Michael soon discovers that Immobiliare, specifically the wily Licio Lucchesi and the scheming Archbishop Gilday, are out to fleece him, and he seeks the assistance of Don Tommasino. Tommasino directs him to Cardinal Lamberto (the future Pope John Paul I), to whom Michael makes his first confession in 30 years, breaking down in tears when admitting that he ordered Fredo's murder. Lamberto tells Michael that it is just that he suffers for his terrible sins, but that he still has a chance for redemption.

MichaelCorleone1997

Michael shortly before his death in 1997.

Michael later returns to Sicily to watch Anthony perform at the Teatro Massimo. However, he soon becomes aware of an assassin, Mosca, whom Altobello, in league with the plotters, had hired to kill him. Mosca kills Tommasino, and Michael vows before his old friend's coffin to sin no more.

Soon afterward, weary of the bloody, lonely life of a Don, Michael retires and makes his nephew the new head of the family, on condition that he end the relationship with Mary. Realizing that powerful interests in Italian politics and business are working to prevent the family's takeover of Immobiliare, Michael, with Vincent's assistance, once again prepares to move against his enemies. This bloody wave of murders takes place as Michael, reconciled with Kay and Anthony, watches his son perform in the opera Cavalleria Rusticana. That same night, however, Mosca nadvertently kills Mary in an assassination attempt on her father. Mary's death breaks Michael's spirit, and he cries out in agony over her corpse. He retires to Sicily, where he dies years later, completely alone. According to a timeline graphic included in a The Godfather DVD box set, Michael Corleone's death occurs in 1997.

The Sicilian

Michael is a secondary protagonist of Puzo's novel The Sicilian, which takes place during his exile in Sicily. He learns from Clemenza about the legendary exploits of the novel's main character, Salvatore Guiliano (based on Salvatore Giuliano, but Puzo changed his name slightly), and is eager to meet him, but Guiliano is murdered before the meeting can take place. For copyright reasons, Michael was left out of the film adaptation of the novel.

Other media

Sequel novels

Michael Corleone appears in Mark Winegardner's sequel novels The Godfather Returns and The Godfather's Revenge. In Godfather Returns, set roughly during the time of Godfather Part II, Michael battles with a new enemy, traitorous Corleone capo Nick Geraci, while attempting to legitimize the family. In Godfather's Revenge, set just after the second film, he moves to protect his criminal empire against a powerful political family, while dealing with his guilt over having Fredo killed.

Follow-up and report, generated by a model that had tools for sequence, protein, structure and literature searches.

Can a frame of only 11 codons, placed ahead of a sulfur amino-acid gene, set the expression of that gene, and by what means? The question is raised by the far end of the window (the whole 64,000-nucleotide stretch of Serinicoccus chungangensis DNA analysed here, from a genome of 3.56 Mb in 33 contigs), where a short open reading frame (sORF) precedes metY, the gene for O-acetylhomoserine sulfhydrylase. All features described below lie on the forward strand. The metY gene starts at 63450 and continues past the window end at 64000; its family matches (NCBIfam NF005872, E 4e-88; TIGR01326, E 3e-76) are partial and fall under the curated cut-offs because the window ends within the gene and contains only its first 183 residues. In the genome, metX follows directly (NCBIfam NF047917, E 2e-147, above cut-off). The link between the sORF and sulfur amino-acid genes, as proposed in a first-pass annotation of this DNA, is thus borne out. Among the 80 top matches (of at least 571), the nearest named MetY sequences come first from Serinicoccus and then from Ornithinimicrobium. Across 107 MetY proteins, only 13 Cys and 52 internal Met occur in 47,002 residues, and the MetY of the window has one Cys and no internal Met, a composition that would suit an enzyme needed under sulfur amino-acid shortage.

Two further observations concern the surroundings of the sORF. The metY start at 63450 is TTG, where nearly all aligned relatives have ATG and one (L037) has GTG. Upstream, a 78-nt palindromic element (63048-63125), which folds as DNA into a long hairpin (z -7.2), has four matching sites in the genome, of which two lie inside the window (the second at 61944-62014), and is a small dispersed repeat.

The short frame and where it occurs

Video game series

Michael Corleone appears in the video game adaptations of the first and second Godfather films. In those games he doesn't share any likeness to Al Pacino, due to Pacino already permitting his likeness to the game Scarfare: The World is Yours for Tony Montana.

The Godfather

He first appears when protagonist Aldo Trapani is fighting off thugs that are trying to kill Vito Corleone at the hospital, after previously failing to assassinate him at a market. Both Michael and Aldo manage to dispose of the thugs before backup arrives to protect Vito Corleone. Later on Aldo helps Michael escape after he assassinates Virgil Sollozzo and Captain Mark McCluskey and drops him off at the docks, allowing Michael to escape the country to Sicily. Michael reappears later in the game when he returns from his exile and takes over the Corleone crime family as the new don, and promotes Aldo to Capo. During the baptism, Aldo carries out Michael's orders and assassinates the heads of the five crime families in New York City. After Michael leaves to expand his family operations in Nevada, Aldo becomes the acting boss of the Corleone crime family in New York.

The Godfather 2

A cold and ruthless Michael reappears in the sequel game, in which he attends a meeting with other crime families in Cuba, which is held by Hyman Roth. Aldo is present during the meeting, alongside Aldo's Underboss Dominic. But Fidel Castro's movement breaks out in Cuba resulting in chaos, and Aldo is killed when fleeing to the airport along with Michael, Dominic and Fredo. Michael, Dominic and Fredo escape on the plane, and Michael appoints Dominic as the new head of the family in New York City.

Reception

Much like the movie itself, Al Pacino's portrayal of Michael Corleone has received widespread critical acclaim. Michael was recognized as the 11th most iconic villain in film history by the American Film Institute.

Trivia

External links

Navigation

           The Godfather Logo Villains

The Commision
Vito Corleone | Philip Tattaglia | Emilio Barzini | Carmine Cuneo | Victor Stracci | Michael Corleone

Corleone Family
Vito Corleone | Sonny Corleone | Fredo Corleone | Michael Corleone | Connie Corleone | Vincent Corleone | Luca Brasi | Peter Clemenza | Salvatore Tessio | Tom Hagen | Al Neri | Rocco Lampone | Paulie Gatto | Willie Cicci | Frank Pentangeli | Joey Zasa | Aldo Trapani | Dominic Trapani

Tattaglia Family
Philip Tattaglia | Bruno Tattaglia | Virgil Sollozzo | Mark McCluskey | Don Altobello

Barzini Family
Emilio Barzini | Emilio Barzini Jr.

Others
Carlo Rizzi | Moe Greene | Nick Geraci | Hyman Roth | Francesco Ciccio | Don Fanucci | Johnny Ola | Licio Lucchesi | Archbishop Gilday | Frederick Keinszig

Community content is available under CC-BY-SA unless otherwise noted.